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Charles was, both in Scotlandon which his wild adventure had inflicted such miseriesand in France, a hero of romance; but his captured adherents had far other scenes to face than the lights and luxurious music of the opera. The prisons were crammed to such a degree with the[109] unfortunate Gaels, that Government was compelled to stow numbers away on board of men-of-war and transports, till fever broke out and swept them off by hundreds, sparing the labours of judges, juries, and hangmen. In Carlisle prison alone four hundred Scots were jammed in a space not properly sufficient for forty! The poor prisoners had been brought out of Scotland in open defiance of the Act of union and of the recognised rights of the Scottish courts; and now they were called on to cast lots for one in twenty to take their trials, with a certainty of being hanged, and the rest shipped off to the Plantations in America without any trial at all.

The Bills were highly necessary, and, on the whole, well calculated to nip in the bud those ever-growing abuses of India and its hundred millions of people which, some seventy years later, compelled Government to take the control out of the hands of a mere trading company, whose only object was to coin as much money as possible out of the country and the folk. But it needed no sagacity to see that the means of defeat lay on the very surface of these Bills. Those whose sordid interests were attacked had only to point to the fact that Parliament, and not the Crown, was to be the governing party under these Bills, in order to secure their rejection. This was quickly done through a most ready agent. Thurlow had been removed by the Ministry from the Woolsack, where he had remained as a steady opponent of all the measures of his colleagues; and it required but a hint from the India House, and he was at the ear of the king. Nothing was easier than for Thurlow to inspire George III. with a deep jealousy of the measure, as aiming at putting the whole government of India into the hands of Parliament and of Ministers, and the effect was soon seen.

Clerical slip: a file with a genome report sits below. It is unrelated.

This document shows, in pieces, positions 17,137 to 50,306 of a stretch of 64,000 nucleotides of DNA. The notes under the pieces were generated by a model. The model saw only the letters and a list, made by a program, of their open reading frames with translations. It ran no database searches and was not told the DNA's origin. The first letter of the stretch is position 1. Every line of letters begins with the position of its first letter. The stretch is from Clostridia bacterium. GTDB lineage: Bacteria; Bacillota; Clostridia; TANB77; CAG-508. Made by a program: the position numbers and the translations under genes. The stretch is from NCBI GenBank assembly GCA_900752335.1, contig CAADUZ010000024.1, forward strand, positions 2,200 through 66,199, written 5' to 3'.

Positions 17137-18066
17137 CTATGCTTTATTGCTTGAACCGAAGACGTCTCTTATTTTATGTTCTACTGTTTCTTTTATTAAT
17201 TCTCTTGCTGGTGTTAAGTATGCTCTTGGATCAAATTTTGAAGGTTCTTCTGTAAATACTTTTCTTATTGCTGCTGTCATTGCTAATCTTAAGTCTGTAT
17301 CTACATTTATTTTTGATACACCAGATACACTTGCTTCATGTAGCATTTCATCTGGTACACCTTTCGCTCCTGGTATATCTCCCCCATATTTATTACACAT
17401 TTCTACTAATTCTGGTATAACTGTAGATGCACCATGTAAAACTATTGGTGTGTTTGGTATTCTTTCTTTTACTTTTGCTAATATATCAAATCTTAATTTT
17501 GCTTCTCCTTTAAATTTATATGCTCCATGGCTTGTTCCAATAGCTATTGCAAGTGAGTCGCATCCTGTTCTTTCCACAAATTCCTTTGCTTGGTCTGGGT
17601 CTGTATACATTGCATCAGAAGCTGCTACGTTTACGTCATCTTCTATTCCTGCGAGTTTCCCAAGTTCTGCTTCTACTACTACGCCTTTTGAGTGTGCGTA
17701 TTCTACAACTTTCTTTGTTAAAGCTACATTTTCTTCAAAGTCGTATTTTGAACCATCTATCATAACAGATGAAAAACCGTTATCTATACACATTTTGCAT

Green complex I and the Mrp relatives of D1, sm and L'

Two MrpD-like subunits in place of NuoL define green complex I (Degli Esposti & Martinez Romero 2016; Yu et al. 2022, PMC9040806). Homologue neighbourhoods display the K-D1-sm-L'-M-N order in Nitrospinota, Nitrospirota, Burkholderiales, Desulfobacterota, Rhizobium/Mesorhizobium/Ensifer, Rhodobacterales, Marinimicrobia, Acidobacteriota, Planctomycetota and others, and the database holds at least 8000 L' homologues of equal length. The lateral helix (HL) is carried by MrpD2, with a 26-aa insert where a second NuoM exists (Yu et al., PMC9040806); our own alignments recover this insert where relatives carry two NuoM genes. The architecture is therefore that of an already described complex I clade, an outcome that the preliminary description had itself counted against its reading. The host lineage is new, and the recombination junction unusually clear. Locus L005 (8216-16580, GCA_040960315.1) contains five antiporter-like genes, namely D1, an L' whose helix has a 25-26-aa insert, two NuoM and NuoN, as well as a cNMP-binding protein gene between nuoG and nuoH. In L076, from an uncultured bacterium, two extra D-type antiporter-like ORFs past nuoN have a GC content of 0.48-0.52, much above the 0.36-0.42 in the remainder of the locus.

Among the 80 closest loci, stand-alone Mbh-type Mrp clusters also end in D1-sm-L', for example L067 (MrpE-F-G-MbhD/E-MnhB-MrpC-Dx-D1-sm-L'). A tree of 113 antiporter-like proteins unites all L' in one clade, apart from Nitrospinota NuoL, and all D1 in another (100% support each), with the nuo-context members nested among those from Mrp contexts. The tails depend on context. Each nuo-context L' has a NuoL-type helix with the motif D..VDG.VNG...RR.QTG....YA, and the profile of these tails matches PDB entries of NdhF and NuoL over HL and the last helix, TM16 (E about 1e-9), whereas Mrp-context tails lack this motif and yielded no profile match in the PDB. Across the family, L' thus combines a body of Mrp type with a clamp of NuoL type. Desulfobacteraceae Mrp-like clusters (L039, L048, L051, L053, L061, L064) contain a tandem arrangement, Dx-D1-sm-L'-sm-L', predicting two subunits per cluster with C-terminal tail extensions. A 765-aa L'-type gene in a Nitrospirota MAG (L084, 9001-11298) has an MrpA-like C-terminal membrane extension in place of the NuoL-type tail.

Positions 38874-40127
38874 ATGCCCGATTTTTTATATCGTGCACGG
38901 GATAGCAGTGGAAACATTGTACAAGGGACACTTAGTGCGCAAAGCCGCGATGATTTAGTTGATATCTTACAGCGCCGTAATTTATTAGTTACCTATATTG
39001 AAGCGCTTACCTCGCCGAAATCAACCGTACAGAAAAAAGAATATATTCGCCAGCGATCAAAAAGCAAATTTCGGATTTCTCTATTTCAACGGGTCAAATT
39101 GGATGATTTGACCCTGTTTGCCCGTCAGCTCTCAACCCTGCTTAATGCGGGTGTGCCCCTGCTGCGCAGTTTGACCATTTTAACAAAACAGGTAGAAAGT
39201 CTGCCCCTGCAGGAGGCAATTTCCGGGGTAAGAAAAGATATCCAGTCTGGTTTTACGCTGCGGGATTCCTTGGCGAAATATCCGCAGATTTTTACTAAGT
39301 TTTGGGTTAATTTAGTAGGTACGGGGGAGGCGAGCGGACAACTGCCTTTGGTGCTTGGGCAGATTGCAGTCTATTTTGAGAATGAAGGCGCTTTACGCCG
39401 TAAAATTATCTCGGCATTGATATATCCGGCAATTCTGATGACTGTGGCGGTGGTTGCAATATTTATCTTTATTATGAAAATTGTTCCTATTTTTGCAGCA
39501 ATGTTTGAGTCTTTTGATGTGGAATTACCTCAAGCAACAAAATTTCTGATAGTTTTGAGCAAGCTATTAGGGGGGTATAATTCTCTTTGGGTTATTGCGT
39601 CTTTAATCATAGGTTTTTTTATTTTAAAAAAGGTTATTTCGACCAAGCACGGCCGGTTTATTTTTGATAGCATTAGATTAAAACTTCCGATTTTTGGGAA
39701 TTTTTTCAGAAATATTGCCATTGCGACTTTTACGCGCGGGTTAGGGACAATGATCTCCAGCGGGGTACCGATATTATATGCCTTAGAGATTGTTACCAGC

One of the most charming poets of the time was Mrs. Hemans, whose maiden name was Felicia Dorothea Browne, daughter of a Liverpool merchant, and sister of Colonel Browne, a distinguished officer, who was for many years one of the Commissioners of the Metropolitan Police in Dublin. In 1819 she obtained a prize of 50 for the best poem on the subject of Sir William Wallace; and in 1821 that awarded by the Royal Society of Literature for the best poem on the subject of Dartmoor. Her next production was a tragedy, "The Vespers of Palermo," which was unsuccessful on the stage. "The Forest Sanctuary" appeared in 1826, and in 1828 "Records of Woman." In 1830 appeared "Songs of the Affections," and four years later, "National Lyrics," "Hymns for Childhood," and "Scenes and Hymns of Life." There was a collective edition of her works published, with a memoir by her sister, in 1839, and several other editions subsequently, not only in Great Britain, but in America, where her poems were exceedingly popular. She died in 1835.